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An Overview of Mining in the California Desert

Another Try

Fueled by the Lost Gunsight Mine story, prospectors began to scour the Death Valley region. Dr. Darwin French decided to give the search another try. In 1860, following the Comstock discovery, he led a group of about a dozen prospectors from Oroville and Sacramento in a search for the lost ledge of silver. While the expedition failed to find the source of the gun sight silver, they did find rich silver ore in the Coso Range. One member of the French party was Dennis Searles. He returned with his brother John not long later. Together the brothers found gold and silver mineralization in the Slate Range. By the fall of 1860 there were hundreds of prospectors in the area. By early 1861 the Telescope Mining District had been established in the Panamint Mountains, and the Washington District in the Amargosa Range on the east side of Death Valley. In the early 1860s mineral discoveries in the desert of southeastern California came in quick succession. At the base of the mountains at the eastern edge of the Owens Valley several gold discoveries were made in the 1860s. From south to north these were Bend City (1863), San Carlos (1862), and Owensville. In 1863 the Kersarge Mine was discovered high on the crest of the Sierra Nevada west of Independence. To the south, gold and silver was also found in the El Paso Mountains.

In the East Mojave silver ore was found in 1863 essentially right beside the route of the Government Road in Macedonia Canyon in the northern Providence Mountains. Located just 15 miles inside Nevada, the Potosi lead-silver mines in 1861 were attracting considerable attention. At the same time the gold placers of El Dorado Canyon (east of present-day Searchlight, Nevada) and La Paz, Arizona (seven miles north of Ehrenberg) were also active. These discoveries drew men either overland from the coastal regions of California or up the Colorado River. During the Civil War the relatively easy transportation along Colorado River, rich copper deposits adjacent to the river, and growing demand and the high price of copper combined to yield small tonnages of high-grade ore. During this time copper was mined in the Dead Mountains, Whipple Mountains, Turtle Mountains, and in Riverside County in the Ironwood Mining District. What little ore that was mined was shipped around the globe to Swansea, Wales for smelting.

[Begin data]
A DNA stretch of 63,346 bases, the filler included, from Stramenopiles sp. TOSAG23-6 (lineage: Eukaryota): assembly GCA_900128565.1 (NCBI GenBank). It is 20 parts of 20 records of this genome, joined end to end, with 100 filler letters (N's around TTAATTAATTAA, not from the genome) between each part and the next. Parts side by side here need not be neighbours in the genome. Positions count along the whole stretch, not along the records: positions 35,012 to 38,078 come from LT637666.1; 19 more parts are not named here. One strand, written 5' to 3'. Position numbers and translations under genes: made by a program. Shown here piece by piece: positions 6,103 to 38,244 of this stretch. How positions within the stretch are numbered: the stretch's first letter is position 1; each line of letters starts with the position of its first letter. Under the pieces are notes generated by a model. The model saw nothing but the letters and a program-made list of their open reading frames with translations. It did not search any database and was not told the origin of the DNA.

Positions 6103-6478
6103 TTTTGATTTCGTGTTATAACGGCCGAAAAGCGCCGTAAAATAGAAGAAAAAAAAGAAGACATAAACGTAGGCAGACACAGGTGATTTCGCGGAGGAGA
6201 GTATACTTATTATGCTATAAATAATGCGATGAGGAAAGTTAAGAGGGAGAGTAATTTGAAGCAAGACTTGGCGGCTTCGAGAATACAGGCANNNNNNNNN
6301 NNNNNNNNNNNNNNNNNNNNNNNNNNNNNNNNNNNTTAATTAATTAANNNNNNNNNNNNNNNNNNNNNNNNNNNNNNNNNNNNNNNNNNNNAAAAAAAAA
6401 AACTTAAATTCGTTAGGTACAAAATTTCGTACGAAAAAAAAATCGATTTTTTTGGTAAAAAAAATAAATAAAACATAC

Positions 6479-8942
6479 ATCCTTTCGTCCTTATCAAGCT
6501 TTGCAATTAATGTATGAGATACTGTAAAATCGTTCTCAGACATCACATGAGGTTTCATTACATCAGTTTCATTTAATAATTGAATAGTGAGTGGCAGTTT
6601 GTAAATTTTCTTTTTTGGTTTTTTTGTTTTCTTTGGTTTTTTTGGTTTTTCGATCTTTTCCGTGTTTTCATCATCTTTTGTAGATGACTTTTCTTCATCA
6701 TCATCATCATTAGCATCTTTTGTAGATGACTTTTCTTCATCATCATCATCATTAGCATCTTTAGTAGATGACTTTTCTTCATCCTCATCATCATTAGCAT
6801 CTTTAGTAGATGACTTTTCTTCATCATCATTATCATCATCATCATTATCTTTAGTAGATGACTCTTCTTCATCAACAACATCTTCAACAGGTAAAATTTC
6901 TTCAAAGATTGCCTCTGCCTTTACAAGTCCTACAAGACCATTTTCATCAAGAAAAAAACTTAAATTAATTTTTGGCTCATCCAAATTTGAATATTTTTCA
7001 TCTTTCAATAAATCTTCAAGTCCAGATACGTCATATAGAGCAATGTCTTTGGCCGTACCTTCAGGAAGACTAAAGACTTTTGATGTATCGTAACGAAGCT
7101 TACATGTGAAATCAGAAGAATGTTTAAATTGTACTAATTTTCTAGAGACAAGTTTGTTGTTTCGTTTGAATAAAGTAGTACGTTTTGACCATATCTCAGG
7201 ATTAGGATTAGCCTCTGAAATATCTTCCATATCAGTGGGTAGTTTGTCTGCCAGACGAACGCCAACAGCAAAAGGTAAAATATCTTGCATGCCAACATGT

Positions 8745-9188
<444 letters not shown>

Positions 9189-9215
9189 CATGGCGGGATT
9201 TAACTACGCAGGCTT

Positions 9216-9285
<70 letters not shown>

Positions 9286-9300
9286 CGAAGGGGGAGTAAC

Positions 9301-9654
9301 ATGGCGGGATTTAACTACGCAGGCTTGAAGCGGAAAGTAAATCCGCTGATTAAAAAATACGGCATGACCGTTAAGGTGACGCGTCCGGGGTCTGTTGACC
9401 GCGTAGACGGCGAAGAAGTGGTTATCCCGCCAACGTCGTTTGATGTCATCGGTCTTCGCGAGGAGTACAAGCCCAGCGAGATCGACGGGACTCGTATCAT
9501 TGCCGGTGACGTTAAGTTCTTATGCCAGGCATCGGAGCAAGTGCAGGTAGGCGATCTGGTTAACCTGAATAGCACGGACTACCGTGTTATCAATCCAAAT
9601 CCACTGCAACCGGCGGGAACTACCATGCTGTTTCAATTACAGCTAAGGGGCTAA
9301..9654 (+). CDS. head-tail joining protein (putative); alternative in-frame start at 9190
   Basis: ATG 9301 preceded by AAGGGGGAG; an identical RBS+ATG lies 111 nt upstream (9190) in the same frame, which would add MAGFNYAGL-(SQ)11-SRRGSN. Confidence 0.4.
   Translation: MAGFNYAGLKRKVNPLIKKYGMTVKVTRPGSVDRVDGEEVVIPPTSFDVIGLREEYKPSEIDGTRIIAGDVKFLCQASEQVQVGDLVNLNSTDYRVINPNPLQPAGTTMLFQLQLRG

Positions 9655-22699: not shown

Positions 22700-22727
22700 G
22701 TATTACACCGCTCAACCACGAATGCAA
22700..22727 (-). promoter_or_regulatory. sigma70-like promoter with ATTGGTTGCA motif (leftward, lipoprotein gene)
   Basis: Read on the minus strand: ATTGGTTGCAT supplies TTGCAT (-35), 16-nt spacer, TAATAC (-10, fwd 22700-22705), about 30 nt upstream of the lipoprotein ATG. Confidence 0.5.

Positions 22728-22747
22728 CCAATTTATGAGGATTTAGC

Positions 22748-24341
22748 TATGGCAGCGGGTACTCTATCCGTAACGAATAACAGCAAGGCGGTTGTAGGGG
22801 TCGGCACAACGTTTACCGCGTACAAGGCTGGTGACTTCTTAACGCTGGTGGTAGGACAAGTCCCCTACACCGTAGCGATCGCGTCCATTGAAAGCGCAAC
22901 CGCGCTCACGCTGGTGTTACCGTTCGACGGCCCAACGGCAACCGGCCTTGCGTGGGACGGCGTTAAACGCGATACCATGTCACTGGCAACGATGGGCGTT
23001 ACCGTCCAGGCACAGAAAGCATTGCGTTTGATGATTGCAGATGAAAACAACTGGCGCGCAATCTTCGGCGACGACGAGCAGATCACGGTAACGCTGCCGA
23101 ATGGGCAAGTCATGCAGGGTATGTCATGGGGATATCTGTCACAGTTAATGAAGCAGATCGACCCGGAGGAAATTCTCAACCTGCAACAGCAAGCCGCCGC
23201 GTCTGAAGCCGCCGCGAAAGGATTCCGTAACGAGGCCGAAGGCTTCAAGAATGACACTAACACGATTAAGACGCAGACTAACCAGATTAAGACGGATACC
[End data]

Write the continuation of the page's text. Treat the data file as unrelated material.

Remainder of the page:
In the late 1850s, just prior to the outbreak of “Washoe fever,” miners were successfully recovering placer gold north of Mono Lake at the camps of Dogtown and Monoville. Then, in July 1859, Waterman “Bill” Body found placer gold some 20 miles east of Dogtown at the location that bears the name Bodie. A year later gold was discovered some 16 miles farther to the east, just inside Nevada, at Aurora. In 1861, lode gold was discovered at Bodie and shared the limelight with nearby Aurora. Aurora grew rapidly into a town. Many of the houses and stores were built of fine brick. Samuel Clemens worked here briefly in 1862. It was even the seat of Mono County for a short time until a boundary survey proved it to be in Nevada. It boasted two newspapers and a population of several thousand. But more importantly, the inflated value of the mining stock, extreme speculation in mining property, and costly mills that largely stood idle led to a collapse in the price of mining stock. It began in January 1864 with Aurora’s Wide West Mine, but soon spread to all the mining stock associated with Aurora and ultimately the Comstock mines as well. At the time the mines of the Comstock were themselves struggling, and would until the discovery of bonanza ore in 1871.

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